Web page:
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SOTM August 2021 - ""Rhythm Changes" (I Got Rhythm etc.)

rhysonsax

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@nigeld asked me to host the Song of the Month for August and I have chosen what is probably the most popular set of chord changes in jazz, usually known as "Rhythm Changes" and used as the basis of many, many jazz standards.

Rhythm Changes have a 32 bar form in AABA structure and originate from George & Ira Gershwin's song "I Got Rhythm". There are many variants of the chord changes - Jamey Aebersold's Vol. 47 Playalong book is devoted to "Rhythm Changes|" and lists 43 variants for the A section and 26 for the Bridge (B section) !

I have used the chords from iReal Pro for "Rhythm Changes" and provided six backing tracks in different styles (Swing, Gypsy Jazz, Bossa Nova, Ballad, Stride, Funk) and tempos as well as lead sheets for the original "I Got Rhythm" and "Meet the Flintstones" which is one of the tunes using these changes. All of the music and sheets can be found and downloaded from here.

I Got Rhythm was written in Concert Bb which is a good key for saxophones and also by far the most popular key for "Rhythm Changes", but please don't feel you have to restrict yourself to this key for your own recordings.

There are many resources available for other backing tracks, melodies on the changes and tips for improvising on them, so do feel free to use any of those or make your own backing tracks and recordings.

Jazz standards that use Rhythm Changes include:
  • Lester Leaps In (Lester Young)
  • Cottontail (Ellington)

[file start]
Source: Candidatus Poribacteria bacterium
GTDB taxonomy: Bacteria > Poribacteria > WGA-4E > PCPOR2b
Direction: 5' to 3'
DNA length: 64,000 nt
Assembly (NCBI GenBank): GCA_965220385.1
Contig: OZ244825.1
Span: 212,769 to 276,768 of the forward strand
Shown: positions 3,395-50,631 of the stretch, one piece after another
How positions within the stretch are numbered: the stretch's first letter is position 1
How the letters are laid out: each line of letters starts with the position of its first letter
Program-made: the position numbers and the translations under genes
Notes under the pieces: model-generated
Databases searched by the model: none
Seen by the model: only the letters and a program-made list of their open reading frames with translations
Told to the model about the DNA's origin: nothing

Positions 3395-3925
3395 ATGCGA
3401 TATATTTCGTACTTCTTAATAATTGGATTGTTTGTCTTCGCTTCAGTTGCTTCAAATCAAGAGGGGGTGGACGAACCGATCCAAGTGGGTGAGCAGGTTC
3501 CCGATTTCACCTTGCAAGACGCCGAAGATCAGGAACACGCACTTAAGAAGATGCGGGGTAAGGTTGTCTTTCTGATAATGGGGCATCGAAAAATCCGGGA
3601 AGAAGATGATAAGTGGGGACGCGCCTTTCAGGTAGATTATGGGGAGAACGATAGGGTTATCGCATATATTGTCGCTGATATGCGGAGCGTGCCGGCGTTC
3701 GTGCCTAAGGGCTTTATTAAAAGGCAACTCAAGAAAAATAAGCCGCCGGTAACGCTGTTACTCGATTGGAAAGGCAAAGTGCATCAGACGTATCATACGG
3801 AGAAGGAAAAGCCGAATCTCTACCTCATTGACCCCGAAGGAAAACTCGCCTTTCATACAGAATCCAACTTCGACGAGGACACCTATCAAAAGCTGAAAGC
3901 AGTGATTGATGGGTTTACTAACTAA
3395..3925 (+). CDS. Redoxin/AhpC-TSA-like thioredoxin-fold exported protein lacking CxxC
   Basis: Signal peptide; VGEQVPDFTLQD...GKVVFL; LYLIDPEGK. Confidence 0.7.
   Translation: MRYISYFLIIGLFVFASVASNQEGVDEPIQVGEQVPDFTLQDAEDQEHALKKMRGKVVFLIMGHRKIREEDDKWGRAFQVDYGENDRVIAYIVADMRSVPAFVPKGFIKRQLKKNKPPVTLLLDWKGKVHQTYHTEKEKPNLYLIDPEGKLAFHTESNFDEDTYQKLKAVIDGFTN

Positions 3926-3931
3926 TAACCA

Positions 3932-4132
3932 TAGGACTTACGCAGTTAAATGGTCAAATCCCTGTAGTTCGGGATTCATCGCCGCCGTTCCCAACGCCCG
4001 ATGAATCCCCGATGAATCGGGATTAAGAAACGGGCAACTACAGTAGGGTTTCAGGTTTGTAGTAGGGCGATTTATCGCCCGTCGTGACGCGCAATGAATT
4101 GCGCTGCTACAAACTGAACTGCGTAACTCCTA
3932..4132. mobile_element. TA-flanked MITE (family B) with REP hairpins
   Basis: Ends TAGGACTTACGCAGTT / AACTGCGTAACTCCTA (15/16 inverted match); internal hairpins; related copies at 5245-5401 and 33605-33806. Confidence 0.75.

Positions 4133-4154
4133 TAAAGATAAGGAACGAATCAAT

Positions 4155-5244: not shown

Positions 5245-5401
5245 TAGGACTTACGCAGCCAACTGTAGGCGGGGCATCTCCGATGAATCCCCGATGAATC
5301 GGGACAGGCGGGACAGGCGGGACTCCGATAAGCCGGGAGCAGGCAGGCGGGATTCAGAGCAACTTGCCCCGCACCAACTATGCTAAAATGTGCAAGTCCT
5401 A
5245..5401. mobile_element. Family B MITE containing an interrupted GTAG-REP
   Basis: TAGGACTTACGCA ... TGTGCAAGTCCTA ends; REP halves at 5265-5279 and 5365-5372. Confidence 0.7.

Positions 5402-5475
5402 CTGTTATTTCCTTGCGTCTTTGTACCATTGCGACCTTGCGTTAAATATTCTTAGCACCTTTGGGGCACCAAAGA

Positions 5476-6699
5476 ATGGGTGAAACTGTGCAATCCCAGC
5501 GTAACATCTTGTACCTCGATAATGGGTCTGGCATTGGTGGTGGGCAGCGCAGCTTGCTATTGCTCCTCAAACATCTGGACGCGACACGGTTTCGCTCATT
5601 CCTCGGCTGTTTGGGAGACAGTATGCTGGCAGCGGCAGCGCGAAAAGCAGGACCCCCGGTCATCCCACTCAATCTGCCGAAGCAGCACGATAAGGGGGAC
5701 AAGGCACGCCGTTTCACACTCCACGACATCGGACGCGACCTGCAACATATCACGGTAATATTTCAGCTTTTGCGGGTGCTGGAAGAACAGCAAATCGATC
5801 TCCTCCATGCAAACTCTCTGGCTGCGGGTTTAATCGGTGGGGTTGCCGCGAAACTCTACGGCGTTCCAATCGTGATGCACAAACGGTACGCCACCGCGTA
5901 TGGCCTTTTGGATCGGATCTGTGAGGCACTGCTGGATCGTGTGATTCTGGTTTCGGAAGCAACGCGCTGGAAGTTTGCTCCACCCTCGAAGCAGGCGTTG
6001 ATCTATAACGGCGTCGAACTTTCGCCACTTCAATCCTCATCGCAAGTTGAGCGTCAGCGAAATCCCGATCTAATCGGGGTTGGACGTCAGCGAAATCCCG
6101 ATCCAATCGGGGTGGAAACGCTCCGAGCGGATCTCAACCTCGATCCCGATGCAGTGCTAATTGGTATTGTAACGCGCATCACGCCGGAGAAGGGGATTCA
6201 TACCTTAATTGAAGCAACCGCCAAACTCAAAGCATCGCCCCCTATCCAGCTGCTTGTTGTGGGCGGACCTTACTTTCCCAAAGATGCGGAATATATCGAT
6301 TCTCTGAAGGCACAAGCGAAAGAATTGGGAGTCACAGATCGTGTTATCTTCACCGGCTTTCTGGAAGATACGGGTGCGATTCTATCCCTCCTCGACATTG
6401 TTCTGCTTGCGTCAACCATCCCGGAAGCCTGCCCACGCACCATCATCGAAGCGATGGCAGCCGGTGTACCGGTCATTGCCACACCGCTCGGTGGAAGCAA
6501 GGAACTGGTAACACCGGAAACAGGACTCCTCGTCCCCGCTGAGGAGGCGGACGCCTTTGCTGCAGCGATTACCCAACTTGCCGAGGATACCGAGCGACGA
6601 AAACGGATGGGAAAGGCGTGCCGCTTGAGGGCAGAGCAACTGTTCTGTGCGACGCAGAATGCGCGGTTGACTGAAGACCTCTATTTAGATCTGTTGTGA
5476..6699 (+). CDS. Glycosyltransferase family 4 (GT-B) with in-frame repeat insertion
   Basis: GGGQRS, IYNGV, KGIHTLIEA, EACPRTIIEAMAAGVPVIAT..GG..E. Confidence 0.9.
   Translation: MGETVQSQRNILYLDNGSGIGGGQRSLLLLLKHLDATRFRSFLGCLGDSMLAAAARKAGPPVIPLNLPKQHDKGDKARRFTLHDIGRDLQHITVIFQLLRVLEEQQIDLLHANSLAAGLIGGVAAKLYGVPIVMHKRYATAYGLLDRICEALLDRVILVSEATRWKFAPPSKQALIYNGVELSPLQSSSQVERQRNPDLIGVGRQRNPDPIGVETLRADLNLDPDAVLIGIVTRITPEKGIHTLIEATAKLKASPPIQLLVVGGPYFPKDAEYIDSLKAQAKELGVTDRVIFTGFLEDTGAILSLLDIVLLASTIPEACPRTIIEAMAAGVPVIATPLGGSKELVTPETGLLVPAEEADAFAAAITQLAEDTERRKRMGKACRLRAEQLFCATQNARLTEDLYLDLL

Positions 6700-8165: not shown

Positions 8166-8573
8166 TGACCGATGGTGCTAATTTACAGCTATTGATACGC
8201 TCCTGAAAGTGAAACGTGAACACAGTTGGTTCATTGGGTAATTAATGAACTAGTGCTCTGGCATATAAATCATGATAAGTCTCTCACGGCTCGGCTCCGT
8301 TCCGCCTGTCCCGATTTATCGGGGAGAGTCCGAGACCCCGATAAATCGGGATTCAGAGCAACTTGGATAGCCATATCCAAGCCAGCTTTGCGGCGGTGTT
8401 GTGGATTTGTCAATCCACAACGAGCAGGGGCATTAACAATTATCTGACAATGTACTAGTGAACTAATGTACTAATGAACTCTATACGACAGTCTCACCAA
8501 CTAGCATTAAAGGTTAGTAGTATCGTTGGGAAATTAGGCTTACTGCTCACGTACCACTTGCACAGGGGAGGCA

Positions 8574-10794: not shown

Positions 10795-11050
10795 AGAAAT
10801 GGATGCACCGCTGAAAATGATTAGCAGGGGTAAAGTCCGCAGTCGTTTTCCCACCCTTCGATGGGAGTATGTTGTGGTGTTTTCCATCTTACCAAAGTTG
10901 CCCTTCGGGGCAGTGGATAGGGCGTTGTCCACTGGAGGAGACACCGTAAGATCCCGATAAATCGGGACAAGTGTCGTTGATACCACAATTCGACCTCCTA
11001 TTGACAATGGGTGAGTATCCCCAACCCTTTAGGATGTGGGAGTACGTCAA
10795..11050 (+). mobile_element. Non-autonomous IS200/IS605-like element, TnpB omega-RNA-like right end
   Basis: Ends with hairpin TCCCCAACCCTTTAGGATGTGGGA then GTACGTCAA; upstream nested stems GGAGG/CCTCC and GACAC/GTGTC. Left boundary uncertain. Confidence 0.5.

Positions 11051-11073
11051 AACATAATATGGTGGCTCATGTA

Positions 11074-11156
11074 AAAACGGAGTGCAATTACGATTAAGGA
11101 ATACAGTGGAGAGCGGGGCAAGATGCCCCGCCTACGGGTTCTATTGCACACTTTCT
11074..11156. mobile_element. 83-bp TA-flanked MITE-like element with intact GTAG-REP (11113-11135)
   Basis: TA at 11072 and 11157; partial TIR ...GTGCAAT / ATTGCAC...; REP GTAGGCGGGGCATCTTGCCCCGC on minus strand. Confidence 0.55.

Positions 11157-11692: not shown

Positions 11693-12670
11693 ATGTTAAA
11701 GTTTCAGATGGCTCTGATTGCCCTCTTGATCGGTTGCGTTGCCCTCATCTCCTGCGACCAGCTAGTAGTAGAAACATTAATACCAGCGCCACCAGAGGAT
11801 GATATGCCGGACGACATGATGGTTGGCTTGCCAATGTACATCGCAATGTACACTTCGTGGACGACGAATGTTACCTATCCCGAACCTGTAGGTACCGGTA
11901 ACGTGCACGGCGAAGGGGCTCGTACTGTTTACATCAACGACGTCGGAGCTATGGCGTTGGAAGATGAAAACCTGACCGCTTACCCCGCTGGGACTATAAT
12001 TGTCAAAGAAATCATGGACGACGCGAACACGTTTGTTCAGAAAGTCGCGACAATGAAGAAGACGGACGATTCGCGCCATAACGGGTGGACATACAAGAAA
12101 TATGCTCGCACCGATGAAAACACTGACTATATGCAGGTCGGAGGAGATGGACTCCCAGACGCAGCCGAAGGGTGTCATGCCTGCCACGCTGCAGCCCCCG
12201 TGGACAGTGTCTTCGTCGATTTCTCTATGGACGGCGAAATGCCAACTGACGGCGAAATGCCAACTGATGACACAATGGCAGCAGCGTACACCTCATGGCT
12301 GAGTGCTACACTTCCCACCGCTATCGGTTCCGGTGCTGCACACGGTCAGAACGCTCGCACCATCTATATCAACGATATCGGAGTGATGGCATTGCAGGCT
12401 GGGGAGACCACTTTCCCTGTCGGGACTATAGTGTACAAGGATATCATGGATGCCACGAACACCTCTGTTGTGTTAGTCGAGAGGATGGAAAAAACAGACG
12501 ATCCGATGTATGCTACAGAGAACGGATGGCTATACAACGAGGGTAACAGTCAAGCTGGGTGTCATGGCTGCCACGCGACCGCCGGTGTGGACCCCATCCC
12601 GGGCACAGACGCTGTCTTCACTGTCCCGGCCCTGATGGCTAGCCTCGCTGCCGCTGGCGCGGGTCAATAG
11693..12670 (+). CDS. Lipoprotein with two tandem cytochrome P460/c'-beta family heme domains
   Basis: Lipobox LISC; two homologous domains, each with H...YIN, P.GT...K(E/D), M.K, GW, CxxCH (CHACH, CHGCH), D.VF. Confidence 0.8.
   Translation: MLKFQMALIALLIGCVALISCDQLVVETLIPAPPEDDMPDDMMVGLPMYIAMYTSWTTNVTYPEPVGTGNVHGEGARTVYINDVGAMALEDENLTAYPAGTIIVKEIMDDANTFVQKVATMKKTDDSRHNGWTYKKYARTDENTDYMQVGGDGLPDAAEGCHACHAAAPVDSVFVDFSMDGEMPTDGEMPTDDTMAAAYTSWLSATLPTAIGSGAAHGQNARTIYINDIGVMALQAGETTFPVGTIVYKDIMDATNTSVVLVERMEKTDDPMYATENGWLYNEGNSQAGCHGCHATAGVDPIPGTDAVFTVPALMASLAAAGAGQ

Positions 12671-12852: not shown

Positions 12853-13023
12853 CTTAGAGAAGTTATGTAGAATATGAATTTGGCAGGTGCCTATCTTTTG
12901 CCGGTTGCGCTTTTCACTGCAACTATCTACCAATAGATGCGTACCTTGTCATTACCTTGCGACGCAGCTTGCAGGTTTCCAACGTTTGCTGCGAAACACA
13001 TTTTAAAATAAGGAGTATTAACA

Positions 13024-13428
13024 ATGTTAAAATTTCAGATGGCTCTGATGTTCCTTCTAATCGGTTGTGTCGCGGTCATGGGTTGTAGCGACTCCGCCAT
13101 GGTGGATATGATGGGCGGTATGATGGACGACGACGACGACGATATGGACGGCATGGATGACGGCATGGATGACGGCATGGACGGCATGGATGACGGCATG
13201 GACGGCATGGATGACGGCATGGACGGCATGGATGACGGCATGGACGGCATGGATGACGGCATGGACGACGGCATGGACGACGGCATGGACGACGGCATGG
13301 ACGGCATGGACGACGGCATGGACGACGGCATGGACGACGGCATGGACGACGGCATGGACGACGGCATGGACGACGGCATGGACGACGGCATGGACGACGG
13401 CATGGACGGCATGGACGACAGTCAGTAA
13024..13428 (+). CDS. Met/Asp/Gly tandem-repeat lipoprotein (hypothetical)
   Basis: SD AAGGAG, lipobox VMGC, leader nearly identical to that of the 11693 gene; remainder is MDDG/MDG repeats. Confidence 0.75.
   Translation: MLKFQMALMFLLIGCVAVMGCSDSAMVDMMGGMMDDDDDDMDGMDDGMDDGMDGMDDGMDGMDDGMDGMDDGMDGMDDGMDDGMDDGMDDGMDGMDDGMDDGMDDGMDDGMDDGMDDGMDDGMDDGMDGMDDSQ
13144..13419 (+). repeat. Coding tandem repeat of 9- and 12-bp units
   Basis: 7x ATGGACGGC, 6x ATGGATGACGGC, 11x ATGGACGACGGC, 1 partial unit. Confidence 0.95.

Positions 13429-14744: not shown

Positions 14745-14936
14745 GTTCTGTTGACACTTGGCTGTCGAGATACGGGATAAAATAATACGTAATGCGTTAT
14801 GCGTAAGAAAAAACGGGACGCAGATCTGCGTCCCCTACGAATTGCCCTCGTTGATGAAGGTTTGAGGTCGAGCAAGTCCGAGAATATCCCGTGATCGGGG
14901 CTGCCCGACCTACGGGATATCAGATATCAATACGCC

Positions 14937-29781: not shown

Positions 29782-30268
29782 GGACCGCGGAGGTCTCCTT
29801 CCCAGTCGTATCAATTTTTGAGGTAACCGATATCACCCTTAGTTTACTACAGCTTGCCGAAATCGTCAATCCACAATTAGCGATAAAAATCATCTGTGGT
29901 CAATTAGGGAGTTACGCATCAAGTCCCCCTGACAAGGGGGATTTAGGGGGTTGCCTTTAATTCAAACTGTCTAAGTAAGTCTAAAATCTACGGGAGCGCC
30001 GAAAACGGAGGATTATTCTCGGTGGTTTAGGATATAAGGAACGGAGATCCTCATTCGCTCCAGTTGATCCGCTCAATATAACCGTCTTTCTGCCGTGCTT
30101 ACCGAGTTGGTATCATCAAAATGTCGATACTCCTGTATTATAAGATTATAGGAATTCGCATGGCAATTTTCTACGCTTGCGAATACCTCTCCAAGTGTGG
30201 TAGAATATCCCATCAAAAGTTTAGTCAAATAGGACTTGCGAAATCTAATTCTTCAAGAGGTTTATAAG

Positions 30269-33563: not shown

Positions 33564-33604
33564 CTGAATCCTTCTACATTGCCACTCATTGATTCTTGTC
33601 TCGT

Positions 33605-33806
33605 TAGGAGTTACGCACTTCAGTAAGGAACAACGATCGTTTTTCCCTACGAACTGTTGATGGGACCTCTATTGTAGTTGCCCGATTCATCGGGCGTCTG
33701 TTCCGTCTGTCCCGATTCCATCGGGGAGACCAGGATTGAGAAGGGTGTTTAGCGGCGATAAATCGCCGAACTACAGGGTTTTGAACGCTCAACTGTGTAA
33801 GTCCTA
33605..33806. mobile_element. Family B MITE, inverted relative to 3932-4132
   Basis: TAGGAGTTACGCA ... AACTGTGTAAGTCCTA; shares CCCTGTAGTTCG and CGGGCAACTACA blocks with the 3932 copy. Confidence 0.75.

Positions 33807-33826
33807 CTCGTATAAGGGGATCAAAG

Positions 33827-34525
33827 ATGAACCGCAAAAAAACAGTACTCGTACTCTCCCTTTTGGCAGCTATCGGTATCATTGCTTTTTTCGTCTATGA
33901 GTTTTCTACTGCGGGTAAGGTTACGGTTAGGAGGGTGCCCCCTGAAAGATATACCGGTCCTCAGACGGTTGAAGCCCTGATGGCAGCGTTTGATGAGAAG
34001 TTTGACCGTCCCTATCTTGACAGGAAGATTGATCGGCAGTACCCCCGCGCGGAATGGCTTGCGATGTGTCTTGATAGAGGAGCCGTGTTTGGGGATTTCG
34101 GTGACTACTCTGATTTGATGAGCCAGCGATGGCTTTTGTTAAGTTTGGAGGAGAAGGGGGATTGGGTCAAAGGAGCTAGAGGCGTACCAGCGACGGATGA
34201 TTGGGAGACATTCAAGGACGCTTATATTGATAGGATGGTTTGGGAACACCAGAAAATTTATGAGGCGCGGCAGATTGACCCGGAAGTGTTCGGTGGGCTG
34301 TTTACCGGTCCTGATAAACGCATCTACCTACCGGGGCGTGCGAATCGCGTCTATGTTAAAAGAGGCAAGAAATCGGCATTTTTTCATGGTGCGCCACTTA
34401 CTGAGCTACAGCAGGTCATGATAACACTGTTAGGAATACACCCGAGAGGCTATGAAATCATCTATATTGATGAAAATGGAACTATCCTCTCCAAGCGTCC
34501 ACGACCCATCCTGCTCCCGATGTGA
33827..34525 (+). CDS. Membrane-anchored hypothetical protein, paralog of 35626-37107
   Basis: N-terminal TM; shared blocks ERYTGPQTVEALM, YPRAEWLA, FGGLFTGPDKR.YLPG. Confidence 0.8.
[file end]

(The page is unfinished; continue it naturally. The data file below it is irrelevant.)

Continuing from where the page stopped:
• Anthropology (Charlie Parker)
  • Five Guys Named Moe (Louis Jordan)
  • Oleo (Sonny Rollins)
And here for inspiration are some of my favourite recordings based on Rhythm Changes:

Don Byas (tenor sax) duetting with Slam Stewart (bass):
View: https://youtu.be/VvuvtAcTMss


Duke Ellington's orchestra featuring Ben Webster playing Cottontail:
View: https://youtu.be/zbOseBw-fnU


Thelonious Monk featuring Charlie Rouse playing Rhythm-a-ning:
View: https://youtu.be/ZtCFjAwoZLA


Please share you favourite "Rhythm Changes" tunes, recordings and particularly your own versions.

Rhys
 
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rhysonsax

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Thanks for kicking things off so well @randulo . Interesting to hear it without a head / melody - I wonder how many people will take that approach. I think the swing style backing track will probably be the most popular, but let's see.

Apparently when Ben Webster recorded his wonderful solo on "Cottontail" (see the first post above) Ellington wanted him to play while drunk (not an unusual state I believe) and out flowed Ben's fluent and creative improvisation. I don't think I would recommend that for us mere mortals of the saxophone, but maybe it helps release any inhibitions.

Here's another "Rhythm Changes" tune - "Meet the Flintstones" played superbly by trumpeter Clark Terry, who I'm sure would have been sober.

Rhys
 
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Interesting to hear it without a head / melody
That is the melody, written on the fly. I've never played rhythm changes on the sax, but the melody for the original "I Got Rhythm" has few notes and not that much rhythm, actually. There are 30 great versions, starting with several Bird songs and all the other brilliant players. I met the challenge my way. (Great idea for a song title!)

EDIT: I went back and added "the" melody. I may do a future version with a new melody, just to break up all this talking.
 
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jbtsax